As part of the accord, Coles and the unions will meet regularly to collaborate on new initiatives and investigate complaints against the company’s suppliers. Frequent town hall meetings will also be held to field concerns from workers.
With one week until the company’s first-ever annual general meeting, Coles is hoping the agreement will quell shareholder concerns about modern slavery and worker exploitation in the company’s supply chain.
The accord does not appear to meet the threshold for worker-driven social responsibility.
Spokesperson from the Australasian Centre for Corporate Responsibility
In September, activist shareholder group the Australasian Centre for Corporate Responsibility (ACCR) filed a shareholder resolution pushing Coles to embed a union voice within its supply chains, claiming the company has an over-reliance on third-party audits.
In correspondence released today, the shareholder group rubbished Coles’ agreement, saying it does not initially appear to address its concerns and asked the supermarket for more detail on the nature of the accord.
The ACCR says at first glance the agreement fails to address the company’s reliance on third-party audits and doesn’t cover the “immediate and urgent” risk of illegal workers across Coles’ suppliers.
“The information provided in the release indicates that the accord does not appear to meet the threshold for worker-driven social responsibility. Significantly, it does not indicate whether it will involve substantial changes to its supplier certification procedures,” the group said.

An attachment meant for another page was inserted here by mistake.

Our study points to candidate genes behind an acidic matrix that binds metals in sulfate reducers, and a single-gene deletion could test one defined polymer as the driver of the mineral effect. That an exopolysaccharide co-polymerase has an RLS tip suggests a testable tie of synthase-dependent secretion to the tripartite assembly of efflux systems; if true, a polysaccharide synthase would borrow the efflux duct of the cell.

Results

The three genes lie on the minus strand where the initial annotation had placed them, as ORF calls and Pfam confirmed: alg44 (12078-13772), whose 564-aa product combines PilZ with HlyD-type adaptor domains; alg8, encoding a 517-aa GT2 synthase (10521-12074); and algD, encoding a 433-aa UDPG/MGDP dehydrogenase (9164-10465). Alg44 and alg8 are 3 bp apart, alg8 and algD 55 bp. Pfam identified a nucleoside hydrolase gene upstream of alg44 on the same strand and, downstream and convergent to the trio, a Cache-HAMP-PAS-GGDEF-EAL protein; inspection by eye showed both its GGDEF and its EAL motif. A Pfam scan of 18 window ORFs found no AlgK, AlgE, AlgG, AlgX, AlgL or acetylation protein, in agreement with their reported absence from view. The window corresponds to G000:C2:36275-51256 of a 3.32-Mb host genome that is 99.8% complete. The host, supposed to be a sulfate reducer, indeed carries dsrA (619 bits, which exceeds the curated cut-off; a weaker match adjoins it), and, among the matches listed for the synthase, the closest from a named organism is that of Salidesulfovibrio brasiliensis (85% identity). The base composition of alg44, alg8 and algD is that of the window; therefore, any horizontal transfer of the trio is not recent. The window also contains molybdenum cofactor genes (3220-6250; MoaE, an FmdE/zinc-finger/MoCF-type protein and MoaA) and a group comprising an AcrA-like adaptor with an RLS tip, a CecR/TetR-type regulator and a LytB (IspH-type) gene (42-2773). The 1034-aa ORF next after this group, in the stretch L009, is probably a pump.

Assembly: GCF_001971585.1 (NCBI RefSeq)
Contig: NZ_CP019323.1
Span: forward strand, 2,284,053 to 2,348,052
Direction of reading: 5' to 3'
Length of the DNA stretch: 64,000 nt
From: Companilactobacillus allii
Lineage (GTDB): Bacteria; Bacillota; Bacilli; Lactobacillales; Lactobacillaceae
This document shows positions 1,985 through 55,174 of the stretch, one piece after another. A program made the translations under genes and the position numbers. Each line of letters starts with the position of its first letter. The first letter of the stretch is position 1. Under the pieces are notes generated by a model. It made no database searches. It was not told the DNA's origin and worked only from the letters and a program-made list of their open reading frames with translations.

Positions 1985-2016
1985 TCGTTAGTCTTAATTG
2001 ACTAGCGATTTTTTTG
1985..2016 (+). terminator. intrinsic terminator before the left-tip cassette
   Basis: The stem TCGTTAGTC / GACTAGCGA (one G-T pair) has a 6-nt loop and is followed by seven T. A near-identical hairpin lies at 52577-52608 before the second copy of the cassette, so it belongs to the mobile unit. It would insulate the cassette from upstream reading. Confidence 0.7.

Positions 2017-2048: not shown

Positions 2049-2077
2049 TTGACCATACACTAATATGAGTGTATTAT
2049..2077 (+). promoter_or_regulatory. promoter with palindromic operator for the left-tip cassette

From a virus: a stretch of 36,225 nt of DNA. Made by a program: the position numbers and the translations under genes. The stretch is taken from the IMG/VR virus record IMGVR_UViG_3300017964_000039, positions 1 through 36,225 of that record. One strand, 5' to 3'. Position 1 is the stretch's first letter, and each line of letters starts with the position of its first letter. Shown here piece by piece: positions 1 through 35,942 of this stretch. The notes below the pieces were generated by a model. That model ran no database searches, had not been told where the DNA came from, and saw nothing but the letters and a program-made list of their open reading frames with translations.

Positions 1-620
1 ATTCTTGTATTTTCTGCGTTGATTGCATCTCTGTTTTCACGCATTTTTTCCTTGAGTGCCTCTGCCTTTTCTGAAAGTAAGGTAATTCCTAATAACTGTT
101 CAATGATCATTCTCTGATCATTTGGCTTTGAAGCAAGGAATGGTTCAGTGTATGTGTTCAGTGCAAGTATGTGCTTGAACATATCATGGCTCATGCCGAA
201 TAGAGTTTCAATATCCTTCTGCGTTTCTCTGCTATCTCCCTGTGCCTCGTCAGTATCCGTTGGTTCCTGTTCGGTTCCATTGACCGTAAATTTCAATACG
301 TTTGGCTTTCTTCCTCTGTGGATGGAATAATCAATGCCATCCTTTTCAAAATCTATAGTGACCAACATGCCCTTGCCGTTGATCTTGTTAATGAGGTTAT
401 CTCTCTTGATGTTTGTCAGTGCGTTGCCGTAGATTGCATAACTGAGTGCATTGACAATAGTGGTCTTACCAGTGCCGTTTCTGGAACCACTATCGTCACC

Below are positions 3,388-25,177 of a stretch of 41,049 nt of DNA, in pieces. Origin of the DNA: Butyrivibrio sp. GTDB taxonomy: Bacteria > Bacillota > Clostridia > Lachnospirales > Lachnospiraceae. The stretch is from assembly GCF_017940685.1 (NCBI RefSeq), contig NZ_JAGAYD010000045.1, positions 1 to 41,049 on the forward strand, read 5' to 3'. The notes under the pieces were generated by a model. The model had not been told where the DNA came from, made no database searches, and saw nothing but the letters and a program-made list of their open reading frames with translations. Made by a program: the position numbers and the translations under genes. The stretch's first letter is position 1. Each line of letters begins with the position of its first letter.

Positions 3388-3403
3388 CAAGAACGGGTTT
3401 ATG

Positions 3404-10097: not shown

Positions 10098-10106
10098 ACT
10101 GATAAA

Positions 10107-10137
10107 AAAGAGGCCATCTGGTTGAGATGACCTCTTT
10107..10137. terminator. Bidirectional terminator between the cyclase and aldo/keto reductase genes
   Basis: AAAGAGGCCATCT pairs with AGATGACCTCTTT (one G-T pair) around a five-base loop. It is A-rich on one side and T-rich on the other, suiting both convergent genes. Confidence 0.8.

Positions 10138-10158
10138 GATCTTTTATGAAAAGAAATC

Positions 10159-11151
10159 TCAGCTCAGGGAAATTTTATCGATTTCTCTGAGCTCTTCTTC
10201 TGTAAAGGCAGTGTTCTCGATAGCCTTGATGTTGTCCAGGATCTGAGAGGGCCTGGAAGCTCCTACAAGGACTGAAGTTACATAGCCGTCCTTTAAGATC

“While investors, including ACCR, should support company steps to progress supply chain risk management, ACCR would caution investors against reliance on the announcement as sufficient evidence of progress to not support the resolution.”
Coles’ agreement is reminiscent of one struck by fellow supermarket Woolworths last year following a similar push from the ACCR calling on the company to provide better representation for unions in its supply chain.
In response, Woolworths agreed to enter a memorandum of understanding with the National Union of Workers to meet regularly to discuss workers rights, which helped the company avoid similar action from the ACCR this year.
Coles and the unions will also commission research into the benefits of ethical sourcing, along with exploring regulatory and legislative reform on labour hire use in supply chains. Workers will also receive more education on their rights, including information on freedom of association and migrant worker training.
“This is the kind of constructive unionism that can genuinely lead to real change on a mass level,” AWU national secretary Daniel Walton said.
“Unions need to work cooperatively right along the supply chain if we’re to ensure that workers are getting paid fairly – from our farms all the way through to our supermarket shelves.”
Dominic Powell writes about the retail industry for the Sydney Morning Herald and The Age.